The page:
It has been years since The Monster has been to Wa Sushi. His first house in Los Angeles was up Laurel Canyon near the Country Store (it was Boris Karloff’s first house in LA as well for movie buffs) and he used to frequent places like Wa and loved the lobster that tasted like cotton candy. Once The Monster moved to Santa Monica places like Wa came off the regular rotation. Would Wa hold up?
With a small sushi bar (8 or so spots) and 6 tables plus one small private room with a TV playing weird commercials Wa is a small space with high energy. Jazz is playing and the crowd is hopping. That it is on the second floor of a nondescript mini-mall is pure LA.
With the black floors and red tables it looks like The Monster’s parents kitchen circa 1988. That’s not nearly a compliment. But sushi restaurants don’t have to be good looking (cough, Nozawa…).
Black cod and eggplant, lobster with spicy creamy tempura, shishito peppers, avocado and eel roll is the order on this evening.
The shishito peppers come out the temperature of the sun. The poor bonito flakes are screaming bloody murder it’s so hot. But they are nicely caramelized and delicious once they cool down.
The avocado and eel proves just ok. Perhaps it is a misorder, there just isn’t a lot to get excited about. About this time The Monster gets distracted by the table that has just been seated next to him. It’s later on a Saturday night and from the looks of the table these patrons are on their way out while The Monster is on his way home. The conversation that ensues can only be had from people who have lived in Los Angeles less than a year, so breathless and full of optimism and full of crap. The Monster wants to punch them and hug them.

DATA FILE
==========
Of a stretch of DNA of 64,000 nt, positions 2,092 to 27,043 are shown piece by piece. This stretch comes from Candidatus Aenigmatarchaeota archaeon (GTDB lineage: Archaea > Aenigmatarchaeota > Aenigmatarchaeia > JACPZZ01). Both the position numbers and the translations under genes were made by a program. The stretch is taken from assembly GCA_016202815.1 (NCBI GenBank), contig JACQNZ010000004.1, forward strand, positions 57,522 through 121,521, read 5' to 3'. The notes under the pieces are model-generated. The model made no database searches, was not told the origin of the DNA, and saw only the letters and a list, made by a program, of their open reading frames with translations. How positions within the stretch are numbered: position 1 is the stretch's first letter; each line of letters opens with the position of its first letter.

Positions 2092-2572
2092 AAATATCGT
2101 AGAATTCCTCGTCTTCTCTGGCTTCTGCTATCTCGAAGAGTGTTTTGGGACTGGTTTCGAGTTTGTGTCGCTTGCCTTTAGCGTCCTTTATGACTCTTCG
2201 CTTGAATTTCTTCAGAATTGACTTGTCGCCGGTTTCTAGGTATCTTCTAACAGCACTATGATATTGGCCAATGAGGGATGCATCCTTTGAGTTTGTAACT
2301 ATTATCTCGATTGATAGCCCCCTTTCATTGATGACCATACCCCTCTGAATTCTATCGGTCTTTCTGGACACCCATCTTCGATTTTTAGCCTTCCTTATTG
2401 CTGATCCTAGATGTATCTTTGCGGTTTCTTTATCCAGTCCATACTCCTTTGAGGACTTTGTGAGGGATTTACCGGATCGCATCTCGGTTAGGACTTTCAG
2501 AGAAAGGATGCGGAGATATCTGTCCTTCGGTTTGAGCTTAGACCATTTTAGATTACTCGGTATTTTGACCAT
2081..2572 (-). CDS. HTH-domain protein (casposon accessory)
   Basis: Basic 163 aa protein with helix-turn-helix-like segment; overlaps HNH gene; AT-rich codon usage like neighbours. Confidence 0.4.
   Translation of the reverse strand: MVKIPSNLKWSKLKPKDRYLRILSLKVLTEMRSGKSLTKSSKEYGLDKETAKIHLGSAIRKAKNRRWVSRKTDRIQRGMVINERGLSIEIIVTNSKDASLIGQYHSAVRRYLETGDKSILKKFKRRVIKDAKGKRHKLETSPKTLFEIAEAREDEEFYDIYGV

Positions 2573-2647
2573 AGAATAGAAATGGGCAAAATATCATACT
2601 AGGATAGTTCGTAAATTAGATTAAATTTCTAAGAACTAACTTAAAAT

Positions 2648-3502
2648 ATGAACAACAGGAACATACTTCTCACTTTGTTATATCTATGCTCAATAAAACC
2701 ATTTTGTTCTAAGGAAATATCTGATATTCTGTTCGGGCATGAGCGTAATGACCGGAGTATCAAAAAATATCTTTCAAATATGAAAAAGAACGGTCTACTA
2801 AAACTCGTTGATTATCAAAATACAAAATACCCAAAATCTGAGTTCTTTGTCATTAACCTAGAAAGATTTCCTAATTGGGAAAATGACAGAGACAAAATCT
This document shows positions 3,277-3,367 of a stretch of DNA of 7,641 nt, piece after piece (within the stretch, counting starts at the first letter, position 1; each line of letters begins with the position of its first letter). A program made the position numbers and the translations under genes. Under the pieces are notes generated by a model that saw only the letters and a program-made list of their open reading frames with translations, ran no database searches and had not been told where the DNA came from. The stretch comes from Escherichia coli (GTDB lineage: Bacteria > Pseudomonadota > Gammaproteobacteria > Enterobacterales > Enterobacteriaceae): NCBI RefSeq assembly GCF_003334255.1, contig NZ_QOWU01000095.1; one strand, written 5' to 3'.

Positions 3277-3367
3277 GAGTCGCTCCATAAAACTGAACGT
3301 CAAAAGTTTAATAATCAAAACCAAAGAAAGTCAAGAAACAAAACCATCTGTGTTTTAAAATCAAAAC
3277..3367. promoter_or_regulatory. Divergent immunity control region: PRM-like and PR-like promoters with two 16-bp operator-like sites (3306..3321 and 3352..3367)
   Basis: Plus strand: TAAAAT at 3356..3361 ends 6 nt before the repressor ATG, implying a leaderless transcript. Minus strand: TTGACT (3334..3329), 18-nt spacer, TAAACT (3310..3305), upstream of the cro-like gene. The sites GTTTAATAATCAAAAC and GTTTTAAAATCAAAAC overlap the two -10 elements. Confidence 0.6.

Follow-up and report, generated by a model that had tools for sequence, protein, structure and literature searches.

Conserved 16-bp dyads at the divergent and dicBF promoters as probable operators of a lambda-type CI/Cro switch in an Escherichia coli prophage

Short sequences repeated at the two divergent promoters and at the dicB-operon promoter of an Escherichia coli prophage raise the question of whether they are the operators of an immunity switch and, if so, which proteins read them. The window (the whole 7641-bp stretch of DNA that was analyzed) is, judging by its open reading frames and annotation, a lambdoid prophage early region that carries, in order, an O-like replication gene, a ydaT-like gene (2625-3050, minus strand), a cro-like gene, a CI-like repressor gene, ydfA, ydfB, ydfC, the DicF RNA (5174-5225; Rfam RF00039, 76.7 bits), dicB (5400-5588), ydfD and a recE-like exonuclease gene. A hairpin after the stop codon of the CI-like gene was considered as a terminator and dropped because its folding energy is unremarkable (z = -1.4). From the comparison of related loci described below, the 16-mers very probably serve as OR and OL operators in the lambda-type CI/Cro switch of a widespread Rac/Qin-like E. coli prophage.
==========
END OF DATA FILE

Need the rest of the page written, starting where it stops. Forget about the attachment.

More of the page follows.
As the black cod and eggplant is served the ringleader of the table beside The Monster declares that he is going to get really drunk tonight. The Monster can’t help but notice his fingernails are manicured. What happened to our wonderfully drunken youth? The cod and eggplant proves good, sweet, the temperature scorching hot yet again. One thing that begins to distress The Monster is the same sweet flavors of many of the dishes at Wa. Also, the ringleader just asked for the sweetest sake they serve.
And on to what used to be the showstopper for The Monster. The lobster tempura. As he vividly recalls it is sweet, wonderful candy with a hint of peanut in the sauce. This is the dish that brings a smile to The Monster’s face.
Except, as he looks around The Monster realizes that everything he ate started to taste the same. It’s sushi for the candy set. And while there is still a place for that perhaps The Monster now prefers his sushi and prepared dishes a little less adorned, a little more pure.
Why go? You have a great manicurist.
Monster rating: 3½/5 Monsters
1106 North La Cienega Boulevard, Suite 201
West Hollywood, CA 90069